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Home / Specialties / Nephrology / Nitric Oxide Series, Part Four: How Nitric Oxide (NO) Causes Vasodilation

Nitric Oxide Series, Part Four: How Nitric Oxide (NO) Causes Vasodilation

NO initiates and maintains vasodilation through a cascade of biological events that culminate in the relaxation of smooth muscle cells that line arteries, veins, lymphatics. While somewhat complex, the sequence of biological events that are triggered by NO is described below: 

Thomas Burke, Ph.D.  

NO initiates and maintains vasodilation through a cascade of biological events that culminate in the relaxation of smooth muscle cells that line arteries, veins, lymphatics. While somewhat complex, the sequence of biological events that are triggered by NO is described below:
Step 1. NO gas released from nitrosothiols in hemoglobin or from endothelial cells, diffuses into smooth muscle cells that line small blood vessels.
Step 2. Once inside the smooth muscle cell, NO binds to an enzyme, called guanylate cyclase (GC) and this binding results in GC activation.
Step 3. Activated GC is able to cleave two phosphate groups from another compound called guanosine triphosphate (GTP). This results in the formation of cyclic guanosine monophosphate (cGMP) that is used to phosphorylate (Phosphorylation is the addition of a phosphate group.) proteins, including the smooth muscle contractile protein called myosin.
Step 4. Once phosphorylated, smooth muscle cell myosin relaxes, resulting in dilation of the vessel that was originally exposed to NO.
As one can imagine, only a limited number of GC enzymes are present in any one smooth muscle cell and once all the GC enzymes have been activated, additional NO will not initiate any further vasodilation. Any “extra” NO is simply sequestered as a nitrosothiol bound to hemoglobin in RBC for future use.
Eventually the phosphate groups bound to myosin in smooth muscle cells must be removed to return the blood vessels to their normal diameter. This removal, or de-phosphorylation, is accomplished by another enzyme, a phosphatase. If the phosphatase enzyme is inhibited, then NO/GC/cGMP mediated vasodilation will be sustained for a longer period of time. This, in fact, is the basis of the erectile dysfunction drug Viagra™; which inactivates the phosphatase.
What does this mean for people with diabetes and for their physicians? Clearly, normal vasodilation cannot occur in patients whose NO production or release is depressed, as we pointed out in previous articles. Without vasodilation, healing of ulcers will be slow, development of nerve damage will accelerate, and circulation to organs such as eyes, kidney, heart, and intestine will remain below normal.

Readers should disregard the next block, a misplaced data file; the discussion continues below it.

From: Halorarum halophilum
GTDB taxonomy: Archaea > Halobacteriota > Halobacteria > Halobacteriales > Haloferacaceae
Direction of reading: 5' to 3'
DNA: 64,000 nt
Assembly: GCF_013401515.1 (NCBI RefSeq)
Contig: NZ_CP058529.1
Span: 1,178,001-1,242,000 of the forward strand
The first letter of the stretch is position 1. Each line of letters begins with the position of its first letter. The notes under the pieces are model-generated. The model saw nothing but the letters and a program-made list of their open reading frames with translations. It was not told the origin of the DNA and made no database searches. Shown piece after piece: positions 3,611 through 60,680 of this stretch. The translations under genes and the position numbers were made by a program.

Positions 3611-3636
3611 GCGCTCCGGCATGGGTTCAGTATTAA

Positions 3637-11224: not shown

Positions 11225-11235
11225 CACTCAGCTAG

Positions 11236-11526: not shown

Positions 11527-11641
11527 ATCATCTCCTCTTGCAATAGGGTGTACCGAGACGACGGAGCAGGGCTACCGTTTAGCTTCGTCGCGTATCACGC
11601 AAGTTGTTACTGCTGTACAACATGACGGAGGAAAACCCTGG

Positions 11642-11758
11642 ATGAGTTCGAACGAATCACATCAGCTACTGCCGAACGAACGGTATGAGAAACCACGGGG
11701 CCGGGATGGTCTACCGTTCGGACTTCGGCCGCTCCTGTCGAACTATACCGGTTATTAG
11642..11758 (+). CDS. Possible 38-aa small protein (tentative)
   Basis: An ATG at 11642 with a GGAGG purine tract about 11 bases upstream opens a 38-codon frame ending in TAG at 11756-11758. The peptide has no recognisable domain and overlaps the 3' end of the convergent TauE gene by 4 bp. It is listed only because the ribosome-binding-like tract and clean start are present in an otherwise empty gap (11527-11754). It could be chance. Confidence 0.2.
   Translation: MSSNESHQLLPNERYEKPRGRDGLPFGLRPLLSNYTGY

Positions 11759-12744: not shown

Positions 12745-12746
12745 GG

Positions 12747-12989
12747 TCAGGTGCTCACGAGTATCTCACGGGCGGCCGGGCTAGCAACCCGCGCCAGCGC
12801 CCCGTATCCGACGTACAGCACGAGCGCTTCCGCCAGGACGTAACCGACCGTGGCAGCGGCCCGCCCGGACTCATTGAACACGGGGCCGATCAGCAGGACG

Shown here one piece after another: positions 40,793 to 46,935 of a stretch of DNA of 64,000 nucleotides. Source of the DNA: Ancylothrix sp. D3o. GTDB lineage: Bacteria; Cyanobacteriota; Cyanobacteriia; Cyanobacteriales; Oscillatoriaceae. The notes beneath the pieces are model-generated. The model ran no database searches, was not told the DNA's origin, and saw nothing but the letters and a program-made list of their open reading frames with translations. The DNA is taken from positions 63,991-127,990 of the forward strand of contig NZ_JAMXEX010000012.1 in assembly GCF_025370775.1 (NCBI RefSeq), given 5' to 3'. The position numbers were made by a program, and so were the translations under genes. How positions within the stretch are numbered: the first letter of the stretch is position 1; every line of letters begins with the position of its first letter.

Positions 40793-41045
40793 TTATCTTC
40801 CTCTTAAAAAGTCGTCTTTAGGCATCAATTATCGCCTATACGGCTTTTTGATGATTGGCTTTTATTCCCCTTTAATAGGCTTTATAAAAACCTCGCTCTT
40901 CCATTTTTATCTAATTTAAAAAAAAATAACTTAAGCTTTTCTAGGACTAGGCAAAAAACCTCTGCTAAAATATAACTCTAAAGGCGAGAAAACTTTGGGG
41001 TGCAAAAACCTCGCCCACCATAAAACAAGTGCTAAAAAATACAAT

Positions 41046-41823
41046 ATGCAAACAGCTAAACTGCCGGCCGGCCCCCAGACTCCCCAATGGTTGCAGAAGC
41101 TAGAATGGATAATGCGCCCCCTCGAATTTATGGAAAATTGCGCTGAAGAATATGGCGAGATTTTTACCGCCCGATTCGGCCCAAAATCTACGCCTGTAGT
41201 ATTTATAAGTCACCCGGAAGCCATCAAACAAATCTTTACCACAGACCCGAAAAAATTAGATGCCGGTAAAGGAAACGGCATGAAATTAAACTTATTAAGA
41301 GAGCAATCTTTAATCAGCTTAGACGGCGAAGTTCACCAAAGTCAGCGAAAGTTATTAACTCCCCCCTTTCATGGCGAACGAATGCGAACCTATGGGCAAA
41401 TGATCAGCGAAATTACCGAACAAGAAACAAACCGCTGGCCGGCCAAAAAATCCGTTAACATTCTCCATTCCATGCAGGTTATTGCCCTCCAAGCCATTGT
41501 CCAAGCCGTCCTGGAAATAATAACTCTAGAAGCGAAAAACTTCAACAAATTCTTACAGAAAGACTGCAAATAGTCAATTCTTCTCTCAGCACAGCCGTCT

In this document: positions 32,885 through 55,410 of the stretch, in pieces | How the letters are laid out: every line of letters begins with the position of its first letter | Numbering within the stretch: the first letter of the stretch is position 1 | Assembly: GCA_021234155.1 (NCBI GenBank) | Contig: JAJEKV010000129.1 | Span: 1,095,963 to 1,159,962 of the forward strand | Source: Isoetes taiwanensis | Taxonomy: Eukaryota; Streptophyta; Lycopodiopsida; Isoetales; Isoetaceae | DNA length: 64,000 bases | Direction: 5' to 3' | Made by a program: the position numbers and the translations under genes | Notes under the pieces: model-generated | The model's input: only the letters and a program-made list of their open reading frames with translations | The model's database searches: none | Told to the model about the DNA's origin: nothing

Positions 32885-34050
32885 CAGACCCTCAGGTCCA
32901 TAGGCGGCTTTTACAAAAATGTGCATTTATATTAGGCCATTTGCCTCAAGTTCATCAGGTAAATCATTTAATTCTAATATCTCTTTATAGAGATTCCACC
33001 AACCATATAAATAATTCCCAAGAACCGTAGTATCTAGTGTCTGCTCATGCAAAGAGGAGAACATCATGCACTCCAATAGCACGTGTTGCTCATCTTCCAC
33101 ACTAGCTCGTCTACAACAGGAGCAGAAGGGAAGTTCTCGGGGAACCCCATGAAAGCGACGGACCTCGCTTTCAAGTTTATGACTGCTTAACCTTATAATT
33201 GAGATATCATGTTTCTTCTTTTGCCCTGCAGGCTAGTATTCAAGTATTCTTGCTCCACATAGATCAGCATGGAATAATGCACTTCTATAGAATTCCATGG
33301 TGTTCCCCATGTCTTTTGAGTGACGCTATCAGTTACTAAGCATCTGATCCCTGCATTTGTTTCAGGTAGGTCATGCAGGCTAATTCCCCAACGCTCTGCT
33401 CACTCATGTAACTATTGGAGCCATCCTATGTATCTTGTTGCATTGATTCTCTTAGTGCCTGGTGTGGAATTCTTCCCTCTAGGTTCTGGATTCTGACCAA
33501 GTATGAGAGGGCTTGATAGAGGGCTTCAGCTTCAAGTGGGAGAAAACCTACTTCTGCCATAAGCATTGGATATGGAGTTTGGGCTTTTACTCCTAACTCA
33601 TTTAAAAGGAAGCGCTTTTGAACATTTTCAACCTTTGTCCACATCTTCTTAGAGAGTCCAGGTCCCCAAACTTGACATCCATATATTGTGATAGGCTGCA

Some may ask whether it isn’t “too much” vasoconstriction rather than “too little” vasodilation that characterizes poor perfusion in people with diabetes. In normal subjects, the control of perfusion involves several vasoconstrictor hormones and activation of sympathetic nerves, which together cause vasoconstriction. To induce vasodilation, the body must reduce these biologic responses or counter them with vasodilators such as NO (or a prostaglandin called prostacyclin). Therefore, in the absence of normal concentrations of NO, even normal levels of vasoconstrictive hormones or nervous activity results in abnormally low blood flow (vasoconstriction and its effect to reduce tissue perfusion). One does not need to implicate “too much” vasoconstrictive activity (via hormones or nerves) as a cause of perfusion problems in people with diabetes, although this certainly can be a contributing factor in some instances.
In summary, NO causes vasodilation by initiating a cascade of biological events that relax smooth muscle cells lining blood vessels. This vasodilation continues until a phosphatase enzyme dissociates the phosphate from myosin (which may be delayed by Viagra). Since vasodilation through NO only occurs when there is GC able to bind NO, additional NO, is sequestered for future use as a nitrosothiol, including those found in hemoglobin. NO is the most important of the body’s countermeasures against normal vasoconstriction and, if production or release of NO is impaired, as in the case of people with diabetes, poor circulation and all the consequences thereof ensues.
Many people with diabetes exhibit loss of sensation, a phenomena that is linked directly to an abnormality in nerve function. The loss of nerve structure and function has been attributed to a decreased circulation induced, in part, by decreased production of NO. The relationship between NO, vasodilation, blood flow, and nerve function will be discussed in the next article.
Dr. Tom Burke received his PhD in Physiology from University of Houston and Post Doctoral Training at Duke Medical School. He was an Associate Professor of Medicine and Physiology at the University of Colorado Medical School. He has authored more than 70 published scientific clinical articles and has been a visiting scientist at the Mayo Clinic, Yale University, University of Alabama, and University of Florida. He is a recognized international lecturer on cell injury and nephrology. 
If you’ve missed any of this series of articles, just click below for Parts 1-3.